PKD is one of the small number of science fiction writers (like Ray Bradbury) who are accepted in the society of mainstream authors, instead of being relegated to the fringes of science fiction, fantasy, and horror; but for PKD, this acceptance occurred only after his death.

Over his career, PKD wrote about 49 books and 152 stories. PKD also used the pseudonyms Richard Phillips and Mark Van Dyke (though sparingly). PKD knew many of the science fiction writers in the 1960s and 1970s, including Robert Heinlein, Anthony Boucher, Tim Power, James Disch, Frank Brunner, K. W. Jeter, James Blaylock, and others, primarily in the San Francisco area. 

PKD had an unusual attitude toward his work, sometimes. He once contacted Venom magazine asking if he could submit a review of his own book, The Divine Invasion. Venom folded before it could be published, although it was later published in the Philip K. Dick Newsletter. I would not call it a positive review. The opening line is: “They say old dopers never die; they just write pompous novels (nobody said that? Well, they should have, because here is a case in point).”

PKD received numerous awards and nominations for awards for his work including:

  • Best Novel Hugo for The Man in the High Castle in 1963
  • Nominated for Best Novel Nebula for Dr. Bloodmoney and The Three Stigmata of Palmer Eldritch in 1965
  • Nominated for Best Novelette Hugo for Faith of Our Fathers in 1968
  • Nominated for Best Novel Nebula for Do Androids Dream of Electric Sheep in 1968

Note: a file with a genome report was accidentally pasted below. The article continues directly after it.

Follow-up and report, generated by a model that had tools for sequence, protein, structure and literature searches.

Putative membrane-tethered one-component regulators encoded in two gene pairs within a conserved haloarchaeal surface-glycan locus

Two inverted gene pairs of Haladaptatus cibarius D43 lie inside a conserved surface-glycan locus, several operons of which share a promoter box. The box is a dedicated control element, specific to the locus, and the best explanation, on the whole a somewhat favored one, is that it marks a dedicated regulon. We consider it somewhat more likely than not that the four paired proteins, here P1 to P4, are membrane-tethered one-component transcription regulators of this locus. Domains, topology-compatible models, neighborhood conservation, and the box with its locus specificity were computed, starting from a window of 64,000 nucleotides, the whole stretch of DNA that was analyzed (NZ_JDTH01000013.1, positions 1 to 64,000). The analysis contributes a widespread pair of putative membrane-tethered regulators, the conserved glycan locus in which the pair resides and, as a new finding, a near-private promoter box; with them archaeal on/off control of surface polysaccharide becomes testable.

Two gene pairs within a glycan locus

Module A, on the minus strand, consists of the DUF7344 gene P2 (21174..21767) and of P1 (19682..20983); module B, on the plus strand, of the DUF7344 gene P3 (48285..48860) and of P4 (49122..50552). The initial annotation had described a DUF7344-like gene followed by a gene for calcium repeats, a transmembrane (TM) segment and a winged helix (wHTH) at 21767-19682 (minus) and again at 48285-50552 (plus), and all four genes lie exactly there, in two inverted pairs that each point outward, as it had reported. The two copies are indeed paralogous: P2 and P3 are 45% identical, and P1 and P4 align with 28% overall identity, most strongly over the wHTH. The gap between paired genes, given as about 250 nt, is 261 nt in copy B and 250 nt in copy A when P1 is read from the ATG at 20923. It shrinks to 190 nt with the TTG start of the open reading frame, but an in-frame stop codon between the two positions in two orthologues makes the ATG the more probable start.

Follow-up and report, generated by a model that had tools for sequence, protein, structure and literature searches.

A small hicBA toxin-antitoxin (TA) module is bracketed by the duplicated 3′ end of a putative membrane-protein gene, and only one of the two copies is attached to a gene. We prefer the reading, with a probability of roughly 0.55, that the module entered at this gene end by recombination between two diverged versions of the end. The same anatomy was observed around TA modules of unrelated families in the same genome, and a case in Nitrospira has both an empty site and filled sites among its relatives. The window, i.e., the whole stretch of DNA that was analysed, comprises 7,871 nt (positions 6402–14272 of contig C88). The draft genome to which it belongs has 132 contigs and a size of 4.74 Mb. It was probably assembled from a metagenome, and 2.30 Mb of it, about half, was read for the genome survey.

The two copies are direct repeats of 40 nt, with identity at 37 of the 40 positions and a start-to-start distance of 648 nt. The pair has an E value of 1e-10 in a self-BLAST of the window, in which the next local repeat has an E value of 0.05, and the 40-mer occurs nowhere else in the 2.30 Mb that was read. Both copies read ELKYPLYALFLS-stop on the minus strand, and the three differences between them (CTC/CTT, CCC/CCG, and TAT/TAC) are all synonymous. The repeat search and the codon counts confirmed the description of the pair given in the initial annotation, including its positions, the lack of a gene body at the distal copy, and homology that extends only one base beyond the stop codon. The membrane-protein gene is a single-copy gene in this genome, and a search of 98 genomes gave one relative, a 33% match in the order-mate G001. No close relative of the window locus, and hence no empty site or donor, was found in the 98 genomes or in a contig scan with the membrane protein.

• Nominated for Best Novel Nebula for Flow My Tears, the Policeman Said in 1974
  • John W. Campbell Award Winner for Flow My Tears, the Policeman Said in 1975
  • Graoully d’Or winner for A Scanner Darkly in 1979
  • Nominated for Best Novel Nebula for The Transmigration of Timothy Archer in 1982

Since his death, PKD has received a lot of recognition for his work. He was inducted into the Science Fiction Hall of Fame in 2005. The Philip K. Dick Award is now awarded annually for the best paperback original science fiction book each year at NORWESCON. In 2005, TIME magazine claimed that his book Ubik was one of the greatest English novels since 1928. Many of his stories and books have been adapted to movies or television, and many PKD works serve as inspiration for other works of science fiction. In addition, PKD’s works are the first science fiction novels included in The Library of America.

This article gives just a small snapshot of the author. He is recognized as one of the seminal science fiction writers of the 1960s and is recognized as a significant writer outside of the science fiction, fantasy, and horror community, as well. It is unfortunate that he did realize this acclaim during his life.

Regarding his philosophy and the underlying meaning of his stories, that is something each individual will need to assess for themselves; but remember not to take it too seriously, as PKD didn’t always take himself seriously, either. I wish you good luck in trying to understand it all, and I hope you enjoy reading PKD’s books and short stories.


  • Nelson, Ray. “Philip K Dick and the Two Bookstores”, The Phillip K. Dick Society Newsletter #28
  • Dick, Philip K. “Review of The Divine Invasion”, The Phillip K. Dick Society Newsletter #29

Additional references:

  • Grossman, Lev. “All-Time Greatest 100 Novels”, TIME
  • Nichols, Peter. The Science Fiction Encyclopedia
  • Smith, Curtis C. Twentieth-Century Science-Fiction Writers
  • Hawk, Pat. Hawk’s Authors’ Pseudonyms II
  • Ace Books. “The Science Fiction Collector, #1”
  • Uwe Anton. Welcome to Reality: The Nightmares of Philip K. Dick

Steven Woolfolk is the owner of Xenophile Bibliopole & Armorer, Chronopolis